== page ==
The famous Canadian firm PSB Speakers is the latest entrant in a growing group of speaker makers who have decided to enter the headphone marketplace, in this case with the introduction of the M4U 2 active noise-cancelling headphone ($400). But while PSB is not the first speaker maker to take up the headphone gauntlet, they may be one of the first to turn a designer of company founder Paul Barton’s formidable talents loose on an all-new, clean-sheet-of-paper design—and that make a concerted effort to put music first.
From the outset, the M4U 2 provides all the right features likely to make the product a commercial success. First, it is a noise-canceller, meaning that it steps into a proven, popular product category (just ask Bose). Second, it is—like all noise cancellers—a self-powered headphone, meaning that unlike many of today’s most ambitious $400 headphones it needs no outboard amplifier to sound its best. Third, it is set up to serve both as a headphone and as a headset because—for many thousands of listeners--smartphones have become the musical source components of choice. Fourth, the M4U 2 pays attention to all the little details so many competitors overlook: details such as ergonomics, beautiful industrial design, self-evident build quality, and exquisite packaging. But even with all these plusses going for it, we think the biggest plus of all is the M4U 2’s sound quality.
Here’s the deal; everything Mr. Barton has learned through decades of PSB speaker design has been poured directly into the M4U 2, and his experience makes a difference you can readily hear. As with his speaker designs, Barton has designed the M4U 2 so that it not only measures well in empirical lab tests, but also sounds good, as verified through carefully controlled listening tests. Barton has also leveraged his speaker-making expertise by deliberately voicing the M4U 2 to provide what PSB terms an “in-room” feel. In practice this means the M4U 2 response curve closely matches the in-room response characteristics of PSB loudspeakers—complete with a certain amount of low-frequency “room gain”, just as loudspeakers enjoy. Since most records are geared for playback through loudspeakers. Barton reasoned that it only made sense to give the M4U 2 a similar degree of bass lift.
Going further, Barton also took an active role in creating the M4U 2’s amplifier/noise-cancelling system, striving to make it effective at blocking noise, yet also capable of preserving musical details and subtleties. Finally, Barton gave the M4U 2 a feature that, to our knowledge, no other noise cancelling headphone provides: namely, the ability to power up the headphone’s amplifier section without engaging the DSP-driven noise-cancellation circuitry, a step that reduces measured distortion considerably. Again this is a feature audio purists can easily hear and appreciate.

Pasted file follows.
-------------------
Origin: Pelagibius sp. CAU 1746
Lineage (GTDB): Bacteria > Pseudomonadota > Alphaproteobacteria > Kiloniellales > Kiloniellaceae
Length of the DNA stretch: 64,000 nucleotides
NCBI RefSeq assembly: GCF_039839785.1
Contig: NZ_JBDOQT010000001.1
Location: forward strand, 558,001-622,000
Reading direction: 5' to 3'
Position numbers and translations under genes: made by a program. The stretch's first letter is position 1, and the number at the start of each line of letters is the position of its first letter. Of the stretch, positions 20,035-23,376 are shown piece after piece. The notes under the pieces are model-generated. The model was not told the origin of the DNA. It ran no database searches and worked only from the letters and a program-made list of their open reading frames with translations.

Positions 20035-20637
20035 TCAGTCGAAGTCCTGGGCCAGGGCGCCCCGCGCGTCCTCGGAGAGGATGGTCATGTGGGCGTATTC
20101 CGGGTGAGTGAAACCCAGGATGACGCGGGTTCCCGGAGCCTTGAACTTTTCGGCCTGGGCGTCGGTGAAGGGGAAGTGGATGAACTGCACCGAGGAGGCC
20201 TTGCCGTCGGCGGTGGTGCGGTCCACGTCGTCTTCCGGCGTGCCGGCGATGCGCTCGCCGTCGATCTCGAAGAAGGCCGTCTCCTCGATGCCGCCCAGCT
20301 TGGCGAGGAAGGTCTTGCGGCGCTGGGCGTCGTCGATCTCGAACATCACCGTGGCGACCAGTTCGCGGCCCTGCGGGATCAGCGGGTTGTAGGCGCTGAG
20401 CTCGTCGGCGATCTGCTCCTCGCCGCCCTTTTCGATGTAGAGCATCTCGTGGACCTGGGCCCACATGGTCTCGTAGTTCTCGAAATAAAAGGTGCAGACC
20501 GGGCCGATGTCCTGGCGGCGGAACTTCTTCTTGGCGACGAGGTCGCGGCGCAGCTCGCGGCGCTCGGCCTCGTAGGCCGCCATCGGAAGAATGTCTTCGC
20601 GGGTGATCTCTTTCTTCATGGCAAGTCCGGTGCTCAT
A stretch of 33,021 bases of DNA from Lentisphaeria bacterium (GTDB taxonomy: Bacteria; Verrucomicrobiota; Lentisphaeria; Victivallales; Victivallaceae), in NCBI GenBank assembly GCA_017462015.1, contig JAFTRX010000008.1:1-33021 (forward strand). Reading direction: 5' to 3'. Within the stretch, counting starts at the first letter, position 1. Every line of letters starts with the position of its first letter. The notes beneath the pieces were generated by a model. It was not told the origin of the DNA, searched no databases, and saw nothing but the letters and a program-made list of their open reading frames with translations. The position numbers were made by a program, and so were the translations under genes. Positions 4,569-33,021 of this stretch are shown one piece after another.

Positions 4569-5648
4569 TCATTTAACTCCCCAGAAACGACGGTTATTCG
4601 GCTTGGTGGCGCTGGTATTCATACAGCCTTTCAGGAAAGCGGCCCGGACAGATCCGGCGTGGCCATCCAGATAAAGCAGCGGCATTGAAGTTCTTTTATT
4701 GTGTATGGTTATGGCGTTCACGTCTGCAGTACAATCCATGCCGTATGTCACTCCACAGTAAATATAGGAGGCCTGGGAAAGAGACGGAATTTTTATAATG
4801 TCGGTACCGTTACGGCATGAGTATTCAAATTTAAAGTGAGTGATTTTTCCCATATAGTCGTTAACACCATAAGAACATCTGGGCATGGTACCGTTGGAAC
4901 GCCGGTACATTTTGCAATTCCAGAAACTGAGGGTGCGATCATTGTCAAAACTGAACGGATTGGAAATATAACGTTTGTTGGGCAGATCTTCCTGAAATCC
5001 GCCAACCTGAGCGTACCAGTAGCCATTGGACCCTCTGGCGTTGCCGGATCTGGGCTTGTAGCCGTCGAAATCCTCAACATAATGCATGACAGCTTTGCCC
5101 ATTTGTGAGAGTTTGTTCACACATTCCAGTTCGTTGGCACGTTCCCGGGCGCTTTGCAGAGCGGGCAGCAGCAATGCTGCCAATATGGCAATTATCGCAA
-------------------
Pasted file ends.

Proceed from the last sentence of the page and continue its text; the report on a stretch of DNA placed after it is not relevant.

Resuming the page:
This review will address several different aspects of the M4U 2, including its design, ergonomic qualities, convenience features, and most importantly, its sound.
Basic Design, PSB M4U 2
• 40mm PSB-designed dynamic driver in a closed-back headphone.
• Built-in amplifier/noise cancellation circuitry powered by dual AAA batteries battery life is approximately 55 hours). Surprisingly, the M4U 2 uses what PSB terms a “low noise linear amplifier”—not a class D amplifier as found in many competing designs.
• Noise-Cancellation System: Unlike some competing noise-cancelling headphones, the M4U 2 uses an analog—not a DSP-driven—noise cancellation system that uses four built-in microphones to detect room noise, rather than the usual two mics. PSB comments that, “We found that there was more accurate noise measurement collection using four microphones instead of the usual two-microphone set up, which yielded better cancellation across a wider bandwidth when used with our low noise linear amplifier.”
• Tri-Mode design. The M4U 2 provides three distinct operating modes:
o Passive mode: The M4U 2 can easily be driven by iPods, iPhones and the like, even when battery power is switched off.
o Active mode: The M4U 2’s amplifier is turned on, but noise-cancellation circuitry is not engaged.
o Active Noise-Cancelling mode: Both the M4U 2’s amplifier and noise cancellation circuitry are turned on.
• Headphone voicing is said to provide an “in-room feel,” meaning that the tonal balance of the M4U 2 closely approximates the sound you would hear from high performance speakers in a typical listening room (complete with the “room gain” most loudspeakers enjoy).
• Distinctive Stereo Monitor function: Both signal cables provide an in-line switch labeled “M” to denote the Stereo Monitor function. Here’s how the function works relative to the M4U 2’s three operating modes.